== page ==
1911 Encyclopædia Britannica/Lombard League

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LOMBARD LEAGUE, the name given in general to any league of the cities of Lombardy, but applied especially to the league founded in 1167, which brought about the defeat of the emperor Frederick I. at Legnano, and the consequent destruction of his plans for obtaining complete authority over Italy.

Lacking often the protection of a strong ruler, the Lombard cities had been accustomed to act together for mutual defence, and in 1093 Milan, Lodi, Piacenza and Cremona formed an alliance against the emperor Henry IV., in favour of his rebellious son Conrad. The early years of the reign of Frederick I. were largely spent in attacks on the privileges of the cities of Lombardy. This led to a coalition, formed in March 1167, between the cities of Cremona, Mantua, Bergamo and Brescia to confine Frederick to the rights which the emperors had enjoyed for the past hundred years. This league or concordia was soon joined by other cities, among which were Milan, Parma, Padua, Verona, Piacenza and Bologna, and the allies began to build a fortress near the confluence of the Tanaro and the Bormida, which, in honour of Pope Alexander III., was called Alessandria. During the absence of Frederick from Italy from 1168 to 1174, the relations between the pope and the league became closer, and Alexander became the leader of the alliance. Meetings of the league were held in 1172 and 1173 to strengthen the bond, and to concert measures against the emperor, the penalties of the church being invoked to prevent defection. The decisive struggle began when Frederick attacked Alessandria in 1174. The fortress was bravely defended, and the siege was raised on the approach of succour from the allied cities. Negotiations for peace failed, and the emperor, having marched against Milan, suffered a severe defeat at Legnano on the 29th of May 1176. Subsequently Pope Alexander was detached from his allies, and made peace with Frederick, after which a truce for six years was arranged between the emperor and the league. Further negotiations ripened into the peace of Constance signed on the 25th of June 1183, which granted almost all the demands of the cities, and left only a shadowy authority to the emperor (see Italy).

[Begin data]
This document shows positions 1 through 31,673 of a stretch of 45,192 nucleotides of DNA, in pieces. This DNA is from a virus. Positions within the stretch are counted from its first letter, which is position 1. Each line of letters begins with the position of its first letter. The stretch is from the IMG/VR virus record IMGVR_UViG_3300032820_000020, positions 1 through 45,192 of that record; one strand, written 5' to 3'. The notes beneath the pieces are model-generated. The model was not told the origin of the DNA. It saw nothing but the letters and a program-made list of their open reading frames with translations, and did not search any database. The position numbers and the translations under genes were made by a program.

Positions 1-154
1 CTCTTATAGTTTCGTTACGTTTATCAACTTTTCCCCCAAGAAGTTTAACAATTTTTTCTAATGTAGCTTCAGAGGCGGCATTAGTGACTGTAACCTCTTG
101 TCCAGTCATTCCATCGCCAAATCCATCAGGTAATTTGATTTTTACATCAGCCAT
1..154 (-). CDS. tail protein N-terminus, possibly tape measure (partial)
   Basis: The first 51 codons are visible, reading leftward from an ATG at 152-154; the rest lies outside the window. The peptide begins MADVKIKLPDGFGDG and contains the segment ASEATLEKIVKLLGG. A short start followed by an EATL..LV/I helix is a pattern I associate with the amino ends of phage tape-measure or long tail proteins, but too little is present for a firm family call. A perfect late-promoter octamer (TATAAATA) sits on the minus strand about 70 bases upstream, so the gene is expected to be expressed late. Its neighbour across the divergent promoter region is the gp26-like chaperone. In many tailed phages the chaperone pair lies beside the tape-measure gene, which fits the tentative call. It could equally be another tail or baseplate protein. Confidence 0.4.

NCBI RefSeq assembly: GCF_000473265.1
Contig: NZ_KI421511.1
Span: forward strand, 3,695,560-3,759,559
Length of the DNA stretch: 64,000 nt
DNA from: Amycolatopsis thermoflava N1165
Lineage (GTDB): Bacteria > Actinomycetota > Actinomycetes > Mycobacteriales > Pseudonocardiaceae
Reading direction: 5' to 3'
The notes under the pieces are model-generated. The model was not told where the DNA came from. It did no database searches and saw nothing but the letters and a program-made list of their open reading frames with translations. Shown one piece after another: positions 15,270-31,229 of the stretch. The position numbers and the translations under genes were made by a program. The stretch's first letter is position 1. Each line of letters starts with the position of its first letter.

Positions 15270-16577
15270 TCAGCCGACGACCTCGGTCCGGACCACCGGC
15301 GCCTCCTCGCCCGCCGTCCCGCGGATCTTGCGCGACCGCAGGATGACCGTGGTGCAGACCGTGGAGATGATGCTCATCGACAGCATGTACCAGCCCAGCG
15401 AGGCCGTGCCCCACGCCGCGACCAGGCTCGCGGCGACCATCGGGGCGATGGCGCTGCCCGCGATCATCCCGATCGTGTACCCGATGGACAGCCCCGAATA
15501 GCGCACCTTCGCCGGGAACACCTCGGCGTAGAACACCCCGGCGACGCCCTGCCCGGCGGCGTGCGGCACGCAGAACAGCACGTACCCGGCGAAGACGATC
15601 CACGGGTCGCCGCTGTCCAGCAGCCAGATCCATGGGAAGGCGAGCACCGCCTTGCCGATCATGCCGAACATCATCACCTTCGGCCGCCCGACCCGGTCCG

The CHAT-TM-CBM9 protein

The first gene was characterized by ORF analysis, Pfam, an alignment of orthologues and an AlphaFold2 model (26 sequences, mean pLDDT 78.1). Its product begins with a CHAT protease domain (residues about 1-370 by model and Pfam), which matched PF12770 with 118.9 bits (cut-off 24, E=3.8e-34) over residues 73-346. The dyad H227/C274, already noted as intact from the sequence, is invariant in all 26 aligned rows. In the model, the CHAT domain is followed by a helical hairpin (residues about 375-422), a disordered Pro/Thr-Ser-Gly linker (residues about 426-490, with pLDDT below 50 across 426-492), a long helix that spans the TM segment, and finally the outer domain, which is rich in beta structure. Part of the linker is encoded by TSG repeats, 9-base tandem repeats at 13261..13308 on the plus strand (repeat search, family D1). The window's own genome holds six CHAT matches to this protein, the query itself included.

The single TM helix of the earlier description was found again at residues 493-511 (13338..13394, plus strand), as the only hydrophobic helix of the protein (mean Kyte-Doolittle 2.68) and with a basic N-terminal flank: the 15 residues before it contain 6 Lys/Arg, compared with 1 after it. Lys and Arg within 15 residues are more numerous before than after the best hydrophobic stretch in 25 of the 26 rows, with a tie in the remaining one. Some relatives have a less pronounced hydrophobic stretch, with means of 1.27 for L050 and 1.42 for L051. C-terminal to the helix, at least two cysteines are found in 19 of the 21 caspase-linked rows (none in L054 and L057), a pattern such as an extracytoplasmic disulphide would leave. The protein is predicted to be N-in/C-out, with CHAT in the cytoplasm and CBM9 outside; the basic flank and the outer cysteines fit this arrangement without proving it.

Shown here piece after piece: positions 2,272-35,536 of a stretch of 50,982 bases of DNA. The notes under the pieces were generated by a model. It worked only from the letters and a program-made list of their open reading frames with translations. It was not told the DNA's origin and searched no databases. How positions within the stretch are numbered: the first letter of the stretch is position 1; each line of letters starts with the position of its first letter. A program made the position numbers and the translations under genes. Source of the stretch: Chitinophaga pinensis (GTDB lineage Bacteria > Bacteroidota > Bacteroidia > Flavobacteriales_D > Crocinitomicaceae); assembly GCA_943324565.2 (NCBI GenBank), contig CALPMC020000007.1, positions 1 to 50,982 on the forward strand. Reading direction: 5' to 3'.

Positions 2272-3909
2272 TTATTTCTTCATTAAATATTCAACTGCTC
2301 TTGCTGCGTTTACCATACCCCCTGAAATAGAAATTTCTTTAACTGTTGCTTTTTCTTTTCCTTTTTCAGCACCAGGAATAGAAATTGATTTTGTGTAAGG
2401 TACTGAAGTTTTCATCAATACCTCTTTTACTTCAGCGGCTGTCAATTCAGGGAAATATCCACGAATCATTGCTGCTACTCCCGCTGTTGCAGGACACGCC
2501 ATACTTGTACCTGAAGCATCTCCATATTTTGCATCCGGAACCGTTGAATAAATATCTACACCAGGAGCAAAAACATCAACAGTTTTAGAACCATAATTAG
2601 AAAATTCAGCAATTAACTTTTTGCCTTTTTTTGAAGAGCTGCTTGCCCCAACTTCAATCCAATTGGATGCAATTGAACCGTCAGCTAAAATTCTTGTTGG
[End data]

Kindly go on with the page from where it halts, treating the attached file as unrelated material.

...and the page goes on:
In 1226, when the emperor Frederick II. avowed his intention of restoring the imperial authority in Italy, the league was renewed, and at once fifteen cities, including Milan and Verona, were placed under the ban. Frederick, however, was not in a position to fight, and the mediation of Pope Honorius III. was successful in restoring peace. In 1231 the hostile intentions of the emperor once more stirred the cities into activity. They held a meeting at Bologna and raised an army, but as in 1226, the matter ended in mutual fulminations and defiances. A more serious conflict arose in 1234. The great question at issue, the nature and extent of the imperial authority over the Lombard cities, was still unsettled when Frederick’s rebellious son, the German king Henry VII., allied himself with them. Having crushed his son and rejected the proffered mediation of Pope Gregory IX., the emperor declared war on the Lombards in 1236; he inflicted a serious defeat upon their forces at Cortenuova in November 1237 and met with other successes, but in 1238 he was beaten back from before Brescia. In 1239 Pope Gregory joined the cities and the struggle widened out into the larger one of the Empire and the Papacy. This was still proceeding when Frederick died in December 1250 and it was only ended by the overthrow of the Hohenstaufen and the complete destruction of the imperial authority in Italy.

For a full account of the Lombard League see C. Vignati, Storia diplomata della Lega Lombarda (Milan, 1866); H. Prutz, Kaiser Friedrich I., Band ii. (Danzig, 1871-1874); W. von Giesebrecht, Geschichte der deutschen Kaiserzeit, Band v. (Leipzig, 1888); and J. Ficker, Zur Geschichte des Lombardenbundes (Vienna, 1868).